Acceptance rate falls with fewer applicants
Published: Tuesday, October 16, 2012
Updated: Tuesday, October 16, 2012 12:10
The University saw a slight drop in applications this year, from 8,917 last year to 8,380 for the Class of 2016, according to Senior Vice President for Students and Enrollment Andrew Flagel during last Thursday’s faculty meeting.
The numbers are as of Oct. 1 and came from a preliminary report on admissions statistics Flagel presented to the faculty.
According to the data from the report, acceptances decreased with applications, falling to 3,277, resulting in an acceptance rate of 39.11 percent. This is slightly lower than last year’s 39.99 percent, although the University’s acceptance rate has hovered around 40 percent for the past three years. In addition, the yield, or rate of students accepted who matriculate, increased to 25.1 percent.
“Both of these rates are moving very much in the right direction,” said Flagel.
Flagel pointed out that although there were fewer applicants, both last and this year’s classes were the “two largest application pools for freshmen in our history.” According to Flagel, the reason for the decline was the elimination of an internal application that drew about 600 applications that “didn’t tend to enroll or be qualified.” In addition, these applications were costly to the University. For these reasons, the applications were discontinued so that students applied exclusively with the Common Application.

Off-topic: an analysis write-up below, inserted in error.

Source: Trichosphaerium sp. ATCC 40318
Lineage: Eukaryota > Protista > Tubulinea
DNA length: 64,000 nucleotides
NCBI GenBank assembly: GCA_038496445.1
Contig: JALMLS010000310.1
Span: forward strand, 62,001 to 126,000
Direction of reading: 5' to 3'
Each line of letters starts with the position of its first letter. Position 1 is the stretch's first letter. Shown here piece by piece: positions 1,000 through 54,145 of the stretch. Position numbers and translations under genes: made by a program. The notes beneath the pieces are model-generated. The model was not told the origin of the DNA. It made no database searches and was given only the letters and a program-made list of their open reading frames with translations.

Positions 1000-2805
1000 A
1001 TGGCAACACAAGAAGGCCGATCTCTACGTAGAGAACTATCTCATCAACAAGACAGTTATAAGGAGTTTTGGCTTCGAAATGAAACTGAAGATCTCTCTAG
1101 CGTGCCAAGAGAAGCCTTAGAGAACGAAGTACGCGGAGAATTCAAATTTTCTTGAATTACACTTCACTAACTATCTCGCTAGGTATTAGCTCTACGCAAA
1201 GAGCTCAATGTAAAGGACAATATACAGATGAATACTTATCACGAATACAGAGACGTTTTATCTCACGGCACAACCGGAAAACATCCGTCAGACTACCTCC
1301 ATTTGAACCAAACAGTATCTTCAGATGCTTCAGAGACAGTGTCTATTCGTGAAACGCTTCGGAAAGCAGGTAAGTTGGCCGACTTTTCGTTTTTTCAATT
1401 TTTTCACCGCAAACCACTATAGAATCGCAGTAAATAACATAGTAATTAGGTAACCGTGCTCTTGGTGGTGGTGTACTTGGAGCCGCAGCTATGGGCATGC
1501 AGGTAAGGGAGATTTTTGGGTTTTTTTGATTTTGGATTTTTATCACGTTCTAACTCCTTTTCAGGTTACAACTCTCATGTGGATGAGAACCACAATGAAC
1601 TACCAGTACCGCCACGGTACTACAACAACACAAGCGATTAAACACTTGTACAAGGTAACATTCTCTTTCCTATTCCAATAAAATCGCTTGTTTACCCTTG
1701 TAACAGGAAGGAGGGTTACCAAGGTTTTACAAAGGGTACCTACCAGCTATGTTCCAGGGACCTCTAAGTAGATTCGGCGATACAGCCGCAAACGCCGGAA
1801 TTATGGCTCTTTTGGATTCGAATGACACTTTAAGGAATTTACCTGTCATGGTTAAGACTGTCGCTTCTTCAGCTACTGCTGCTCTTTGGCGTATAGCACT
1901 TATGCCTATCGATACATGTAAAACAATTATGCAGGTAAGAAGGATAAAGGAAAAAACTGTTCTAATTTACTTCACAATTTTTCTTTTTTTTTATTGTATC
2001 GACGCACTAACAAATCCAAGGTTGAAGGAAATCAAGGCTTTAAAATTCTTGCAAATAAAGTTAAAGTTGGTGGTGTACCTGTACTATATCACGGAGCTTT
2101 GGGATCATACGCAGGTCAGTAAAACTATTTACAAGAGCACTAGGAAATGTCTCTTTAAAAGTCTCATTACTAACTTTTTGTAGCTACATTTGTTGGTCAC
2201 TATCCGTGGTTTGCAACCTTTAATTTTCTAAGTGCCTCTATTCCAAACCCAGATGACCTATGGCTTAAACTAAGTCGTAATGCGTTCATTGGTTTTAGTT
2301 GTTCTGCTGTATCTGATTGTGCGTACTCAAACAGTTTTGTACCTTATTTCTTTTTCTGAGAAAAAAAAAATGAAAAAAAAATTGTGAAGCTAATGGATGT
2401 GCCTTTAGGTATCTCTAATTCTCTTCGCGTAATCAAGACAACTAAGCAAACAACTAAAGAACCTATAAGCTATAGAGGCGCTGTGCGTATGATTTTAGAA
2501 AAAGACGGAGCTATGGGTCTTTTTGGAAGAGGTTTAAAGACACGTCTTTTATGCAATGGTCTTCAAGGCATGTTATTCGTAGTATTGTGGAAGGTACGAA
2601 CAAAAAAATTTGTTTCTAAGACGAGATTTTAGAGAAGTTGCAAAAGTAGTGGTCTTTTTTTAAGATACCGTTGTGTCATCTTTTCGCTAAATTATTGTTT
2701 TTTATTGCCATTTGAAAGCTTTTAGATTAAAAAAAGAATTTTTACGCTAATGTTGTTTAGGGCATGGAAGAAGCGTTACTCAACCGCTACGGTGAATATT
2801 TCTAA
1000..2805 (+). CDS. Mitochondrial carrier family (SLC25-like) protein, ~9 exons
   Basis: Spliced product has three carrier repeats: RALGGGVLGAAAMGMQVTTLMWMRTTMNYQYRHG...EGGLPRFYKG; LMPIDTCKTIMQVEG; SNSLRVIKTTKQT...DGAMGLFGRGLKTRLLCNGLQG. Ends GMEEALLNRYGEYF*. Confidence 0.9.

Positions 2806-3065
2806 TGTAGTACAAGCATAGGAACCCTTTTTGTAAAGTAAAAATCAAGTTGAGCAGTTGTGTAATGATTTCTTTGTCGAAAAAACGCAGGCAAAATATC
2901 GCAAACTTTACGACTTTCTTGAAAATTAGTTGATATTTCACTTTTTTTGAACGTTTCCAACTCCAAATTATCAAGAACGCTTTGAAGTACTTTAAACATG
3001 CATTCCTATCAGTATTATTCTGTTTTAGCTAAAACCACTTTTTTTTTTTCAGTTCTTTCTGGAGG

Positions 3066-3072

This year’s class size, which does not yet include transfers and mid-year students, is also smaller than last year, as 821 students matriculated compared to last year’s 858 students.
Last year, the large size of the Class of 2015 raised concerns about housing with more first-year students in lofted triples. According to Dean of Admissions Mark Spencer in a September interview with the Justice, the University aimed to maintain an enrollment of 855 students for the Class of 2016.
In terms of demographics, the University saw another geographically concentrated class enter this fall, as 34 percent of the entering class are from the New England region and 48 percent of the international students, which make up 16 percent of the whole class, are from China. In an interview with the Justice, Flagel said that these numbers are concerning.
“We are concentrated in very narrow areas,” he commented, saying that the goal of the University is to broaden its profile across the United States and around the world.
Flagel pointed to a decreasing gender disparity from last year with the percentage of female students falling to 53 percent and males rising to 47 percent.
Students’ average GPA “continued to hover above 3.8” while the average SAT score dropped slightly by 10 points. Flagel noted that overall, both GPA and SAT scores have improved.
Flagel also presented statistics on students enrolled in graduate programs. These programs include the Graduate School of Arts and Sciencs, the Heller School of Social Policy and Management, the International Business School, the Rabb School of Continuing Studies and a joint program between the GSAS and Heller. Flagel did not provide breakdowns for the individual schools. Enrollment for graduate students dropped by four percent to 2,226 enrolled students. Flagel noted that graduate enrollment had “slipped nationally” after a few years of “significant” growth but that it was “hard to discern too much from a four-percent shift.” Out of admitted graduate students, 41 percent are from New England while 31 percent are international.
—Sam Mintz and Robyn Spector contributed reporting.